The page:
This difference of behaviour in relation to the Sun was what they really built on in the Ptolemaic system. This among others was an essential reason for its development. Their aim was not merely to join the empirically given places in the Heavens by mathematical lines, building it all into a system of thought in this way. They were at pains to build a thought-system on another basis, and what is more, a piece of true knowledge under-lay their efforts; it is undeniable if we go into it historically. Modern man naturally says: We have advanced to the Copernican system, why bother about these ancient thinkers? He bothers not, but if he did, he would perceive that this was what the Ptolemaists meant. 'Truth is', they said to themselves, Mars, Jupiter and Saturn have quite another relation to Man than Mercury and Venus. What corresponds to them in Man is different. Moreover they connected Jupiter, Saturn and Mars with the forming of the human head, Venus and Mercury with the forming of what is beneath the heart in man. Rather than speak of the head, perhaps I should put it in these words: they related Jupiter, Saturn and Mars with the forming of all that is above the heart; Venus and Mercury with what is situated below the heart in man. The Ptolemaists did indeed relate to man, what they were trying to express in their cosmic system.
What under-lay it really? To gain true judgement on this question, my dear Friends, I think you should read and mark the inmost tone and essence of my Riddles of Philosophy, in writing which I tried to show how very different was the way man met the world in his life or knowledge before the 15th Century and after. Since then, if I may use this image we unpeel ourselves from the world, — we detach ourselves completely. Before the 15th Century we did not do so. I must admit, at this point it is difficult to make oneself understood in the modern world. Man of to-day says to himself: “I think thus and thus about the world. I have my sense perceptions, thus or thus. In modern times we have become enlightened; the men of former times were simple, with many childish theories.” And as to our enlightenment and their simplicity the modern man's idea of it amounts to this, or something very like it: "If only our ancestors had tried hard enough, they might have grown just as clever as we are. But it took time, this eduction of mankind; it evidently had to take some time for men to get as enlightened as they afterwards became.”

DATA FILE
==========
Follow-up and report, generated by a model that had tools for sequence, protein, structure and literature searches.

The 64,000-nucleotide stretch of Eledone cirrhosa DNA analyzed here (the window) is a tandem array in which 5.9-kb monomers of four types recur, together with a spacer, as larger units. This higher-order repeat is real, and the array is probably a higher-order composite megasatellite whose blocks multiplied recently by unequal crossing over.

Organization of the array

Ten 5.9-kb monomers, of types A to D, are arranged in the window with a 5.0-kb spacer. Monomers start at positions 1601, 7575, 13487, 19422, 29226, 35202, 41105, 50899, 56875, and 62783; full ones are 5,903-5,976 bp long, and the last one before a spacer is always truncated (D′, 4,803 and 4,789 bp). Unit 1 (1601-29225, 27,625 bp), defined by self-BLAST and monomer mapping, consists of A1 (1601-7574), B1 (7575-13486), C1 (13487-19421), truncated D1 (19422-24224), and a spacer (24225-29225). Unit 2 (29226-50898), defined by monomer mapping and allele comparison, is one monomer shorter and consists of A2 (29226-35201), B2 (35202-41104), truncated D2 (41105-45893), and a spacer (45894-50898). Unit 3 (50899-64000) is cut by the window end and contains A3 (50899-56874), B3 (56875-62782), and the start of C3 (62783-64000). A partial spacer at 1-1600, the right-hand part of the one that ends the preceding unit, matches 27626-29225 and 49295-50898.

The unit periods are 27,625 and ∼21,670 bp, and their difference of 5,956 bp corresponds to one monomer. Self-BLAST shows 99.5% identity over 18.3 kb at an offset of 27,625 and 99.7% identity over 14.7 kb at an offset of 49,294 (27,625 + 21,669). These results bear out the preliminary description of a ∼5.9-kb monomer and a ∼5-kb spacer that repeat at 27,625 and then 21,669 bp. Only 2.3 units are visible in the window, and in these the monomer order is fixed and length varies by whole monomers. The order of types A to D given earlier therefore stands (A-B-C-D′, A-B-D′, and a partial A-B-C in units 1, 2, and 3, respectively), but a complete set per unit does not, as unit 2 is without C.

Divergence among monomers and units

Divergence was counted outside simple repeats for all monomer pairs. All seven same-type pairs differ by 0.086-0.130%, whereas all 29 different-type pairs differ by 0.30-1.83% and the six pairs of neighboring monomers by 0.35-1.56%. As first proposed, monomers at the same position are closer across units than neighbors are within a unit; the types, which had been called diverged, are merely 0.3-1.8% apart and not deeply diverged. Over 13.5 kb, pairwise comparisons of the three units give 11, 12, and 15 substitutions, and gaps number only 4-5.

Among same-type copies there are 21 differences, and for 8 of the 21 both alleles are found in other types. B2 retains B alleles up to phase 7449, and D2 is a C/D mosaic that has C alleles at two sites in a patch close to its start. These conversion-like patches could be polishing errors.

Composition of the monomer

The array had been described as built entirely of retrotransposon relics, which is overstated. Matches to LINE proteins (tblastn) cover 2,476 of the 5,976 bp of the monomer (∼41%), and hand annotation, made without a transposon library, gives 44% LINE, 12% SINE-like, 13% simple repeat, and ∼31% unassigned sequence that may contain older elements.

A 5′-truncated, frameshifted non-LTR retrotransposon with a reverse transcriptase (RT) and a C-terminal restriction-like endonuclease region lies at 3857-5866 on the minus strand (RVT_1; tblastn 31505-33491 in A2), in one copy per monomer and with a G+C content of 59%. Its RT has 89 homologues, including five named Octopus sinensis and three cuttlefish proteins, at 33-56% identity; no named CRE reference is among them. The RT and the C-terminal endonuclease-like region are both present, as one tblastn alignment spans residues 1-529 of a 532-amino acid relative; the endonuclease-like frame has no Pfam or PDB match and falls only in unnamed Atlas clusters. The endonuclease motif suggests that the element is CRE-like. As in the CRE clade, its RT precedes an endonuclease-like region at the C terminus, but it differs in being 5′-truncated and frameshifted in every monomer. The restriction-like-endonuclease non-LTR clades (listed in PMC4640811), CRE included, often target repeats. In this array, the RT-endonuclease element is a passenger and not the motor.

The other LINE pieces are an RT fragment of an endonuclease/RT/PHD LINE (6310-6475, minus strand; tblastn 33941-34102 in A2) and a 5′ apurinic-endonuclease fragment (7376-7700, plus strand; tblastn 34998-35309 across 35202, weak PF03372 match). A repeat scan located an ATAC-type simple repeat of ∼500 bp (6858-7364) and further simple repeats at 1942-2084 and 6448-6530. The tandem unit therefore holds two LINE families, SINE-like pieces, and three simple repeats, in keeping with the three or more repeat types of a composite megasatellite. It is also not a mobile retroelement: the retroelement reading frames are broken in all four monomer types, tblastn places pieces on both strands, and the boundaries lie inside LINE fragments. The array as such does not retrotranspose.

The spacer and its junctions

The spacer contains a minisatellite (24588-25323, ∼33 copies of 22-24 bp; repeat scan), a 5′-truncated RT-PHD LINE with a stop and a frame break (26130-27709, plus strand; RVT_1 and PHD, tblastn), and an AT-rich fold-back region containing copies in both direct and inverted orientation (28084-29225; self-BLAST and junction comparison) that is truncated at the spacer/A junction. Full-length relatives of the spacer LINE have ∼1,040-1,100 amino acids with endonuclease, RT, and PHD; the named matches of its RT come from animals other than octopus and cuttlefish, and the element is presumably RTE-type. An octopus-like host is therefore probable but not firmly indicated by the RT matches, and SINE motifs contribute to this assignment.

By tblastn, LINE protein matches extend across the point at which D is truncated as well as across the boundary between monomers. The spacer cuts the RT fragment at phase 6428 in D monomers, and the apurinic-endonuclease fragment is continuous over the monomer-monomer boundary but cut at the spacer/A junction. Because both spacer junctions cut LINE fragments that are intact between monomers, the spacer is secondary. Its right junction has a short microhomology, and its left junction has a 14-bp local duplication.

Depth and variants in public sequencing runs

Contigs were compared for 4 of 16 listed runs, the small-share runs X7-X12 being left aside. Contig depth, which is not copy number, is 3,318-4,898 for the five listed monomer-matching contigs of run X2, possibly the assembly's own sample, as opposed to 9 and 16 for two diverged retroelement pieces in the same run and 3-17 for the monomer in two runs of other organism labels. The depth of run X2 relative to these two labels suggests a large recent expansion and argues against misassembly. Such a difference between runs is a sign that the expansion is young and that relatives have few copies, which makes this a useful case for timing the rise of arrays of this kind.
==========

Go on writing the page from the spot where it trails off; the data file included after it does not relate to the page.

What is today left unconsidered, is that man's very seeing of the world, his seeing and his contemplating, his whole relation to the world was different. Compare the different stages of it, described in my Riddles of Philosophy. Then you will say: Through the whole time from the beginning of the Fourth Epoch until the end, the sharp distinction we now have, of concept and idea on the one hand and sense-perceived data on the other, did not exist. They coincided rather. In and with the sensory quality, men saw the quality of thought, the idea. And it was ever more so, the farther we go back in them. In this respect we need more real notions as to the evolution of mankind. What Dr. Stein has written for example in his book, upon the essence of sense-perception, is true of our time and excellently stated. I he had had to write a dissertation on this subject in the School of Alexandria in olden time, he would have had to write very differently of sense-perception. This is what people of today persist in disregarding; they will have everything made absolute.